How To Help Newcomers Feel Comfortable in the Classroom

How to help newcomers in the classroom
How to help newcomers in the classroom
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Did you know? 

According to the National Education Association, by 2025, 1 out of every 4 children in classrooms across the US will be a new English Language Learner, Multilingual or Bilingual student. New students arriving in the US are usually called newcomers in a school setting. The term ‘newcomers’ is defined as K-12 students born outside the United States who arrived in the country in the last three years and are still learning English. In a study conducted by The Annenberg Institute, they discovered new students have lower average levels of English-language proficiency than newcomers in years past.

When I taught English as a Second Language, I had various newcomers, including students from China, Afghanistan, Mexico, Poland, and Bulgaria. My students’ ages ranged from 5th to 8th grade. All of my newcomers spoke different languages, held various levels of their home language, and had unique cultural backgrounds. 

Some newcomers arrived without educational experience; my job was challenging. 

However, by the end of the first school year, my students began to thrive quickly with hard work, dedication, collaboration with mainstream teachers – and much patience.

Teachers nationwide open their classrooms to a new academic school year every year. Returning to school or attending school in a different environment can cause anxiety for any student. However, the fear and anxiety of starting over in a new country differs when you are an English Language or Multilingual Learner arriving in the States.

Also, teachers who work with newcomers face unique challenges. They have to support their new students linguistically, culturally, socially, and academically. On top of meeting these unique needs, newcomers need meaningful content to relate to – the kind of information that coincides with their former lives and enhances their new lives. 

Finally, entering a new classroom can be a daunting experience for anyone. Newcomers are saddled with assimilation into a unique culture, have different background stories, and many come with varying levels of education. Some students don’t know their native language, which can create an even more significant learning gap.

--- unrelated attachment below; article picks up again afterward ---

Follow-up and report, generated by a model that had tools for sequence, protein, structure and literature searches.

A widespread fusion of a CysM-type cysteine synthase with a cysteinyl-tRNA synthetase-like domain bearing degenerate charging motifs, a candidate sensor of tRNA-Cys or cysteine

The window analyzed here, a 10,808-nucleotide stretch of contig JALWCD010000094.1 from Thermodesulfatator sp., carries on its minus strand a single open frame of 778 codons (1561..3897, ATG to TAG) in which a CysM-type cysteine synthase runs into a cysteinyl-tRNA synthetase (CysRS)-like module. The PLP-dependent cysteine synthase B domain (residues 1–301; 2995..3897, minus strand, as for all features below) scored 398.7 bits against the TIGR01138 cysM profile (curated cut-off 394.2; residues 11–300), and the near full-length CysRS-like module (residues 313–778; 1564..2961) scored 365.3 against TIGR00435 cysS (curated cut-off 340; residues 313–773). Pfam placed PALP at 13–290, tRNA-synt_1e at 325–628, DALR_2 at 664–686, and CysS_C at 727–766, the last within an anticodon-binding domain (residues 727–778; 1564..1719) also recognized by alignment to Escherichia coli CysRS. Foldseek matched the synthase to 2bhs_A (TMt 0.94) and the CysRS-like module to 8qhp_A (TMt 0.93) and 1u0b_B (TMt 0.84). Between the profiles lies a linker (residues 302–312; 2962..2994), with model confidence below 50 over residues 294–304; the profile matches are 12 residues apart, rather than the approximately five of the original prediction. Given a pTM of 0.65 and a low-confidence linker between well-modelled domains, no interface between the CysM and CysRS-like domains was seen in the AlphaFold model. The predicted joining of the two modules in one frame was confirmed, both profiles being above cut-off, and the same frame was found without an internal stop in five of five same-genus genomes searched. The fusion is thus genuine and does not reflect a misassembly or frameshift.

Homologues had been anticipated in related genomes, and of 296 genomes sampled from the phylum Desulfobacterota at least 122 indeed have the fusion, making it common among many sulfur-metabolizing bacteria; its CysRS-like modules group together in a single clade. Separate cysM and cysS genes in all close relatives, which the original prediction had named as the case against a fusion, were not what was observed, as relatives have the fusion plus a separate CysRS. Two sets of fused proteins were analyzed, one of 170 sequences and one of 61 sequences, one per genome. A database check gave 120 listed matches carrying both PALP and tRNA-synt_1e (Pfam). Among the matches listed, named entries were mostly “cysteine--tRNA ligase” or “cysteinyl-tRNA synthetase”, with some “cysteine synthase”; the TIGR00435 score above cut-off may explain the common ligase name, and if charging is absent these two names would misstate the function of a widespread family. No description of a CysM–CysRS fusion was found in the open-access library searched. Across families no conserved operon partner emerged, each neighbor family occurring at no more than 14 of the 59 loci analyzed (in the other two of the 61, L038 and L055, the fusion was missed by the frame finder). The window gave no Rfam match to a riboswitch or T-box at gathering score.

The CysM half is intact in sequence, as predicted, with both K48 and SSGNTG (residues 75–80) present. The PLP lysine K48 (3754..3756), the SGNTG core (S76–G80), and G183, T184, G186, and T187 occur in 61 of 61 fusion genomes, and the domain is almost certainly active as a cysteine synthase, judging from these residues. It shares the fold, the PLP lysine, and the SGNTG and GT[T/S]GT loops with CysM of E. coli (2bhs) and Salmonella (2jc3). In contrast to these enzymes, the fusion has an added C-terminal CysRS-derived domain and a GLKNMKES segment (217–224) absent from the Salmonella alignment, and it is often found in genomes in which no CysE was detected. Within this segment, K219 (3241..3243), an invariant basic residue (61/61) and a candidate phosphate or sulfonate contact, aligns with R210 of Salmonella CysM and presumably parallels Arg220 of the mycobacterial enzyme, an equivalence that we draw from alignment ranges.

As you face many challenges as an educator, little changes can make a significant difference.

How to help newcomers in the classroom
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Here are Ten Effective Ways Teachers can Help Newcomers Feel Comfortable in the Classroom

Create a Welcoming Environment

First impressions matter when a student arrives in a new country, state, and especially – a new school. Greet newcomers with a warm smile or a simple “hello” in their native language when possible. Learning “hello” in different languages can help create a bond and inspire other students in the class to welcome the new student with open arms, too. Small gestures for newcomers can go a long way in helping them to feel seen, acknowledged, and welcomed. 

Decorate your Classroom 

Decorate your classroom with different images alongside words. For example, hang posters that use welcoming greetings in other languages so your students can immediately see they fit into their new environment. Also, be sure to have easy-to-read posters that establish clear expectations in the classroom, which foster respect and understanding.

For academics, posters with vocabulary words and images are one way students can internalize English words – through repetitive and engaging visual interactions.

Some other examples of classroom decorations to support newcomers include:

Word Walls
Create a word wall that displays common vocabulary words used throughout the school. You can use word walls interchangeably by creating words for everyday social language learning and academic learning. Use colorful cards or sticky notes to make your word wall visually appealing and interactive.

Offer a Cultural Corner
Dedicate a classroom corner to display cultural artifacts, flags, maps, and pictures representing different countries or cultures. It’s not always easy to find decorations for all cultures. You can find free images online to help with personalized learning. 

Use Interactive Bulletin Boards
Set up bulletin boards that encourage student participation and require engagement. An interactive bulletin board is fun because all students can take part in creating and changing it as needed.

According to Bored Teachers, here are a few ways you can use interactive bulletin boards:

Create a Travel Map
Post a map of the United States or the world on the bulletin board, and have students add pictures or small tokens when they travel to a new place. Students can use the bulletin board to learn about essential landmarks or historical events.

Design a Giant Word Search
Encourage your students to find phonics sounds, spelling words, or vocabulary words with a fun word search. Finding these things in context is an important skill, and a word search is a fun way to practice.

Use QR Codes
Create a mystery-type bulletin board with QR codes. Students can scan the QR code to get clues to answer questions or use it as a research tool to discover facts for a class project. 

How to help newcomers in the classroom
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Co-Teach and Collaborate 

With such a significant influx of students coming to schools rapidly, language support and mainstream teachers must work together. In the study mentioned above by The Annenberg Institute, they state, “There’s the need for more English-learner teachers and more access to research-based strategies in teaching newcomers for general education teachers – such as co-teaching and collaboration.” When teachers work together and bring their unique perspectives, students have a greater chance of thriving due to ongoing support from different support staff.